A good source of information on how to tackle RFI issues and keep the common-mode noise at bay is Chuck W1HIS.
His paper on the subject is amazing and anyone building a station needs to give it a read. I had to think hard about what he wrote for a long time before I decided that he's not crazy, although his station does seem to employ a significant fraction of the world's ferrite production.. If you have read this far and it is still the weekend of the Sweepstakes contest you will have undoubtedly surmised by now that I will NOT be on the air for the contest. I had intended to get the new tower and antennas up in time for CQWW SSB at the end of October but here it is SS Phone weekend in November and I'm still QRT. Life has a way of messing up the best intentions and between a bout of the flu, a string of unexpected trips out of town for various reasons, and the ever decreasing amount of daylight available, things have just not come together as quickly as I had hoped. Nevertheless, I will continue to plug away and really do expect to be on the air again within a couple of weeks. Stay tuned!

Friday, November 4, 2016

Out With The Old

Once the weather starts to turn colder, the boat is put away for the season, and all the firewood is split and stacked, I always plan to spend the last couple of weeks before winter working on the station antennas. This year the main project is the new tower and the "new" (I bought it SIX years ago!) yagi. More on that in a future post but the first order of business was taking down the old tower and antennas. They will be raised in a new location next year but for now I just needed to get them out of the way as the new tower is going in that spot. I procured the use of a lift with a 60-foot boom and in a few hours the antennas were off and the old tower was dismantled.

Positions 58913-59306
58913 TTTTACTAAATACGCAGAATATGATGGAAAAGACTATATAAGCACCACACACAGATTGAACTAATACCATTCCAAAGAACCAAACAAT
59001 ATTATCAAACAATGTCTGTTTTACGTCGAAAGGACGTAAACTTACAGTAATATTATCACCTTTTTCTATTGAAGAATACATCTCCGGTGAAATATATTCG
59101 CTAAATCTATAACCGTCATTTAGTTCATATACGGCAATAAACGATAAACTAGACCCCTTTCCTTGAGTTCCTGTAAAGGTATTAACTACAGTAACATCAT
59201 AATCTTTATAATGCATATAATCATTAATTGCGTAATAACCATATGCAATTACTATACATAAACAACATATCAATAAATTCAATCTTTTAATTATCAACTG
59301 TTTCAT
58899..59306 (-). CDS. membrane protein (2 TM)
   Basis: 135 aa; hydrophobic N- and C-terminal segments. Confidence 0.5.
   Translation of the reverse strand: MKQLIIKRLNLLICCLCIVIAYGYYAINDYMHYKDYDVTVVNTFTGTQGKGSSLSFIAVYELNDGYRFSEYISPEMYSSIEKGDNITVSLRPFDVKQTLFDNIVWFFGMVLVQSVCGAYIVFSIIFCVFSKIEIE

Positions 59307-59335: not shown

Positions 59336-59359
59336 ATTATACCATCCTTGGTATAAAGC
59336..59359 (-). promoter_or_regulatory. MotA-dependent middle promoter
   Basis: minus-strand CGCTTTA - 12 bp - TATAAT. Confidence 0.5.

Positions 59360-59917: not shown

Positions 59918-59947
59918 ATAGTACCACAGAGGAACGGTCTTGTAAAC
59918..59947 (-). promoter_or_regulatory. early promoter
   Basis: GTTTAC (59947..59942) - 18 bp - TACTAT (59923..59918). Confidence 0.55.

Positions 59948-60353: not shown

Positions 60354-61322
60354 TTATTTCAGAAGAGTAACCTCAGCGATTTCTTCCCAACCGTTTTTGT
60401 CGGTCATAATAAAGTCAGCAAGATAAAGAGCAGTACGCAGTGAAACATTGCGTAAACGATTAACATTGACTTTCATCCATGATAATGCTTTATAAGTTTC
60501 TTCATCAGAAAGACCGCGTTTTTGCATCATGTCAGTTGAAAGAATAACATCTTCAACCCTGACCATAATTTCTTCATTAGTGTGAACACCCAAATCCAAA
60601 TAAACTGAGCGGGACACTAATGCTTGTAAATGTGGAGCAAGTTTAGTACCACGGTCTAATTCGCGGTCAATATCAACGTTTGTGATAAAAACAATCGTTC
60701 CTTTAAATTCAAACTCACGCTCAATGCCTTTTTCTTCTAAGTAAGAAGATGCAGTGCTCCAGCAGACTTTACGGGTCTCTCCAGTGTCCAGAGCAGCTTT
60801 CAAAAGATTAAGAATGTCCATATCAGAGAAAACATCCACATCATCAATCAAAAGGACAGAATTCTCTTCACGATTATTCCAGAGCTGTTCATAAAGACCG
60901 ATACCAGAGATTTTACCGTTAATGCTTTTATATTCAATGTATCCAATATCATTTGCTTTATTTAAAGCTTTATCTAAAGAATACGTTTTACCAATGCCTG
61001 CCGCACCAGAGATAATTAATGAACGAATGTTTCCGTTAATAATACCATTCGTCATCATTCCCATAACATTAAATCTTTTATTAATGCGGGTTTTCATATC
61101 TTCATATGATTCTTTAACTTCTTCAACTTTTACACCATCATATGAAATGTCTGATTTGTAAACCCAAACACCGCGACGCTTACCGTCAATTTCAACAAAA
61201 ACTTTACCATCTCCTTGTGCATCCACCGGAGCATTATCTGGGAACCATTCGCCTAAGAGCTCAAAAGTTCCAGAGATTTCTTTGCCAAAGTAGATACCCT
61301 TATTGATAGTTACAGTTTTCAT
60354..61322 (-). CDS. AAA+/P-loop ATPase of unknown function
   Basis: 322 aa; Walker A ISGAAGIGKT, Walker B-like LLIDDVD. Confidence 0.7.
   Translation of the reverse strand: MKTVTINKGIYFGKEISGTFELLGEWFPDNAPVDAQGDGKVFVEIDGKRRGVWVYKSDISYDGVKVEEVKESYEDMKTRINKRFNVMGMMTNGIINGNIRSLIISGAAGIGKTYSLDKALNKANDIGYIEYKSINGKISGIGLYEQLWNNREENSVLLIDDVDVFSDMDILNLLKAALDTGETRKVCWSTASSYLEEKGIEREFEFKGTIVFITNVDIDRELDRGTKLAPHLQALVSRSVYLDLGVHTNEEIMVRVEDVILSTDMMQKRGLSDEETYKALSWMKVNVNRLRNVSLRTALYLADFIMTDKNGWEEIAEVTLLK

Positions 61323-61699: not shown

The assembly of the new tower (a Titan T400-80) is well underway but weather and work travel have slowed progress considerably. I wanted to have it all up in time for the CQ WW contest at the end of October but now I'm just hoping its ready in time for Sweepstakes Phone in November!

Sunday, March 6, 2016


                    ARRL DX Contest, SSB

Call: VE8EV
Operator(s): VE8EV
Station: VE8EV

Class: SOSB/20 HP
QTH: Inuvik, NT
Operating Time (hrs): 34

Band  QSOs  Mults
   20: 1393   105
Total: 1393   105  Total Score = 433,440



The forecast said that it was coming and, oh boy, did it ever hit me hard!  Sunday its usually difficult enough to find new guys to work when you're doing SOSB but from up here, with the K-index at 7, it's excruciating!  I CQ'd endlessly in every direction and regularly S&P'd the band but to no avail.  The last four hours had only two dozen Q's and a third of those were dupes and VE's.

The band was mostly ok on Friday and Saturday before the aurora hit and I'm glad I took the opportunity to make hay while the sun shined.  As always in this contest there were lots of zero-pointers and an astounding number of dupes but it was still lots of fun.  The station is really starting to come together now and next contest season is going to be even better!

John VE8EV

Sunday, January 10, 2016


Call: VE8EV/KH6
Operator(s): VE8EV
Station: VE8EV/KH6

Class: Single Op QRP
QTH: Maui
Operating Time (hrs): 6

Band  QSOs  Mults
   80:   1      1
   40:   8      6
   20:  11      7
   15:   8      5
   10:   1      1
Total:  29     20  Total Score = 580



First time ever QRP but I'm an expert at operating from the middle of nowhere when no one can hear you calling.  All the bands were open at one time or another and I S&P'd my way around, just happy to be here.  Most stations I called eventually did pull me through although I felt a bit bad for them all as "VE8EV/KH6" is a bit of a mind-bender and especially so at QRP strength.  I managed to work both coasts but didn't hear any VEs.
John VE8EV
105ft dipole up 30ft in the trees, Flex 1500